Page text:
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ORIGINAL ARTICLE
Ahead of print publication  

Comparison of transvaginal sonography with hysteroscopy in evaluation of uterine cavity anomalies for female Nigerian patients


1 Oak Endoscopy Centre; Department of Radiology, University of Port Harcourt Teaching Hospital, Port Harcourt, Rivers State, Nigeria
2 Oak Endoscopy Centre; Department of Surgery, University of Port Harcourt Teaching Hospital, Port Harcourt, Rivers State, Nigeria

Date of Submission31-Oct-2020
Date of Acceptance22-Jan-2021
Date of Web Publication03-May-2021

Correspondence Address:
Emeka Ray-Offor,
Department of Surgery, University of Port Harcourt Teaching Hospital, PMB6173, Port Harcourt, Rivers State
Nigeria
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Source of Support: None, Conflict of Interest: None

DOI: 10.4103/ajiac.ajiac_16_20

  Abstract 


Introduction: Transvaginal sonography (TVS) and hysteroscopy are useful in investigating causes of intrauterine pathologies. Aim: To compare the diagnostic yield of TVS with hysteroscopy for the evaluation of uterine cavity anomalies in female Nigerian patients. Materials and Methods: This is a cohort study of patients referred with infertility and abnormal uterine bleeding that were consecutively evaluated with TVS by a radiologist and confirmed by hysteroscopy at a multi-disciplinary endoscopy centre in Port Harcourt metropolis, Nigeria. Study period was from June 2014 to November 2019. Variables collated were sociodemographic, radiological, and endoscopic findings, sensitivity, specificity, and predictive values. Statistical analysis was with SPSS version 20. Results: A total of 99 patients had hysteroscopy but 52 patients included in study. The age of patients ranged from 25 – 56 years; mean age of 39.4 ± 6.0 years. The sensitivity and specificity of TVS for detection of intracavitary uterine anomalies were 78.7% and 100% respectively. The positive and negative predictive values were 100% and 33.3% respectively. There was additional detection of intramural ± subserosa myoma by TVS alone in 28(53.8%) patients and ovarian cysts in 5(9.6%) patients. Conclusion: TVS is an effective screening tool for preoperative triage of women with infertility and abnormal uterine bleeding requiring therapeutic intervention for intracavitary uterine anomalies. Hysteroscopy remains the gold standard for diagnosis of endometrial pathologies.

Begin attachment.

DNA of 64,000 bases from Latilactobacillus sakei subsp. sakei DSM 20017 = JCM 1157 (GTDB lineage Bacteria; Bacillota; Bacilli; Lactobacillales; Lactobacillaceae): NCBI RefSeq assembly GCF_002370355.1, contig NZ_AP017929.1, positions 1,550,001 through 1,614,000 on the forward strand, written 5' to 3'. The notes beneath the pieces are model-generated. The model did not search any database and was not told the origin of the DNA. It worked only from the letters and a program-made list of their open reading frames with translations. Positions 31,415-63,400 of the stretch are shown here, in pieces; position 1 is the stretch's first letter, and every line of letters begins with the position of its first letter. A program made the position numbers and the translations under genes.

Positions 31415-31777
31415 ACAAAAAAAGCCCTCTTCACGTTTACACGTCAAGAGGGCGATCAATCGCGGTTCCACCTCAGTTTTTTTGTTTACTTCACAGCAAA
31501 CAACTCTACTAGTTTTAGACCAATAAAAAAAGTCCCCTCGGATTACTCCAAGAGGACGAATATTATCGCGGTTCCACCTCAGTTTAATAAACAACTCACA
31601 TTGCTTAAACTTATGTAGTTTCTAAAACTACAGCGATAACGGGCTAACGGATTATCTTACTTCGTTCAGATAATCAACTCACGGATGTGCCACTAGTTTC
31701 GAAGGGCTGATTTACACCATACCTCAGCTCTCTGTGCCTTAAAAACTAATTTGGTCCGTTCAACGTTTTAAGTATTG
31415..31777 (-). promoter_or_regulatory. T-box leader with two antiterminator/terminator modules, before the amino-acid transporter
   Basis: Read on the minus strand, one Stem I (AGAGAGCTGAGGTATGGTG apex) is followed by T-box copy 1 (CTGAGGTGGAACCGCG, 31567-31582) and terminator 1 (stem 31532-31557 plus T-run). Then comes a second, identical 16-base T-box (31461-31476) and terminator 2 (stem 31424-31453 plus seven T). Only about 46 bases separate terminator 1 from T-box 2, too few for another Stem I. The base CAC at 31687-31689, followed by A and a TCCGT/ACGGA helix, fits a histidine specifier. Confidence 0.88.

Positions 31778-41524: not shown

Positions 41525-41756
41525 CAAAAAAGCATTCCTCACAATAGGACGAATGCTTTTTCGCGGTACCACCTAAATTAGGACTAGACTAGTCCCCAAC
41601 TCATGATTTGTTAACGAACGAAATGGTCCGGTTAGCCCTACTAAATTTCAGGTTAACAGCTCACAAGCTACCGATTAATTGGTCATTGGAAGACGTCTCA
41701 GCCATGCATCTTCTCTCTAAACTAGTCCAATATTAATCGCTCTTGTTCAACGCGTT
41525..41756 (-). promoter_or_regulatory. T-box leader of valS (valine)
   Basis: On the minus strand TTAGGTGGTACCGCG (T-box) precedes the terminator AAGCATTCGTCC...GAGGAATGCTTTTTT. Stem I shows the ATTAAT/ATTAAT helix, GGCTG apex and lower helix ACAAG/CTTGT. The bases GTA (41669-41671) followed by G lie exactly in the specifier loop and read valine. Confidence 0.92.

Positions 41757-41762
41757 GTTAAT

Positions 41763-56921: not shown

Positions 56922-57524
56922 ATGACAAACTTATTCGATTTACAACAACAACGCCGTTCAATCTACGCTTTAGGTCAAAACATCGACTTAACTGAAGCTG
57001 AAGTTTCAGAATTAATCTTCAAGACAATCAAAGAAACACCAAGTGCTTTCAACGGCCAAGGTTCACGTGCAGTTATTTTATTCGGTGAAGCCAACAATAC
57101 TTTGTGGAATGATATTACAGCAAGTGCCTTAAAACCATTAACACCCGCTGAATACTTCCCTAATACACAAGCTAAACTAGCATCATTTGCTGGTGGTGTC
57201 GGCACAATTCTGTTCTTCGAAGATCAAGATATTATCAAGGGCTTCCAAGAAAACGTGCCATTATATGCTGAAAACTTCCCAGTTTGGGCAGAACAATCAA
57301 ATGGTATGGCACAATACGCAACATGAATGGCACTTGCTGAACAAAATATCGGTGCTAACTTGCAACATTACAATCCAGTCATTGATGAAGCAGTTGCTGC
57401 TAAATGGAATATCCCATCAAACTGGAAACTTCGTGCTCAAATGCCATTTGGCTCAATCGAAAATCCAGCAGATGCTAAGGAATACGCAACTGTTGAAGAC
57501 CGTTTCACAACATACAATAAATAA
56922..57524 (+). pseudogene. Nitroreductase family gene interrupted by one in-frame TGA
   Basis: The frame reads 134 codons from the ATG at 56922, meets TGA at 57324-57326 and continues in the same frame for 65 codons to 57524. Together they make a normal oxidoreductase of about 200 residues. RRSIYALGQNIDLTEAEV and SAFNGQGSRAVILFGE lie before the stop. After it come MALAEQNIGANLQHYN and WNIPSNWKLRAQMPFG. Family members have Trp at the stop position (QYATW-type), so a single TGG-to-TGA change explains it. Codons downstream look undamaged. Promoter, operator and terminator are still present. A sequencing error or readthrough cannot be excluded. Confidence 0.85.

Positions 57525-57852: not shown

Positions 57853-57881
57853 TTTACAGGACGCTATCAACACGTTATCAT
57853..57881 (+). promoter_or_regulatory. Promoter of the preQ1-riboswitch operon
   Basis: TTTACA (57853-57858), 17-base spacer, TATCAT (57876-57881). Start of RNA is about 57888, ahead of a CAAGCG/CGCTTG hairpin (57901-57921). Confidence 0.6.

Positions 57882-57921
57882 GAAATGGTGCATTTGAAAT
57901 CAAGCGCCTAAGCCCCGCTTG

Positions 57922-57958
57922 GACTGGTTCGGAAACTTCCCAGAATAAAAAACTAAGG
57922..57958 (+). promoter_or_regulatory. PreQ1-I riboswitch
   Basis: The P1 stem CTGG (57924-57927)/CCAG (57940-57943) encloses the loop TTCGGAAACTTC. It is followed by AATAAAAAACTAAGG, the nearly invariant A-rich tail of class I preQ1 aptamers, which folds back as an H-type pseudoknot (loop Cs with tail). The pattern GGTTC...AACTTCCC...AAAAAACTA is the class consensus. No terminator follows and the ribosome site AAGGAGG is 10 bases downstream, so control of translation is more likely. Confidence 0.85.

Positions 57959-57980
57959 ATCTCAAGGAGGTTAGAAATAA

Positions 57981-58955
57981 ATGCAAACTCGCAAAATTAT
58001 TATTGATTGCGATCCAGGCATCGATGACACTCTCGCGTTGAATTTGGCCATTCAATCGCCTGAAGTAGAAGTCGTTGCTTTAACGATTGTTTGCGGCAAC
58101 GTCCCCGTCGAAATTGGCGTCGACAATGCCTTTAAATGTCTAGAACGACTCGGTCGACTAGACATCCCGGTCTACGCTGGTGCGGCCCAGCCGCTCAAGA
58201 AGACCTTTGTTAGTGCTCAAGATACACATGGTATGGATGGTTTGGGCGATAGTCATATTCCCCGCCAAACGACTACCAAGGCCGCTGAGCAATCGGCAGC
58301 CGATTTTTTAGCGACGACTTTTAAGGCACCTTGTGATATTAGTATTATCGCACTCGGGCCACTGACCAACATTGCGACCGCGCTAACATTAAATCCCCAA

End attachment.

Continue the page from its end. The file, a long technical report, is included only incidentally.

Keywords: Hysteoscopy, sensitivity, specificity, transvaginal sonography



How to cite this URL:
Ray-Offor OD, Ray-Offor E. Comparison of transvaginal sonography with hysteroscopy in evaluation of uterine cavity anomalies for female Nigerian patients. Afr J Infertil Assist Concept [Epub ahead of print] [cited 2021 Nov 28]. Available from: https://www.afrijiac.org/preprintarticle.asp?id=315391




  Introduction Top


The normal adult uterus, which is in the pelvis, is the seat of multiple physiologic and pathologic processes. The anatomy and the contour of this structure can be assessed by an abdominal or transvaginal ultrasound probe. A switch to color Doppler mode enables the assessment of vascularity within lesions. In the past four decades, transvaginal sonography (TVS) has become the first-choice modality for the evaluation of the endometrium.[1] It is relatively cheap, noninvasive and does not involve ionizing radiation. Saline hysterosonography consists of TVS with concomitant instillation of normal saline as a sterile echogenic contrast medium into the uterine cavity using a transcervical catheter.[2] TVS and saline hysterosonography are superior to hysterosalpingography in the assessment of intrauterine pathologies.[3] However, hysteroscopy is the only technique that provides direct visualization of the uterine cavity, and it is therefore effective in the diagnosis and treatment of intrauterine pathologies.[4]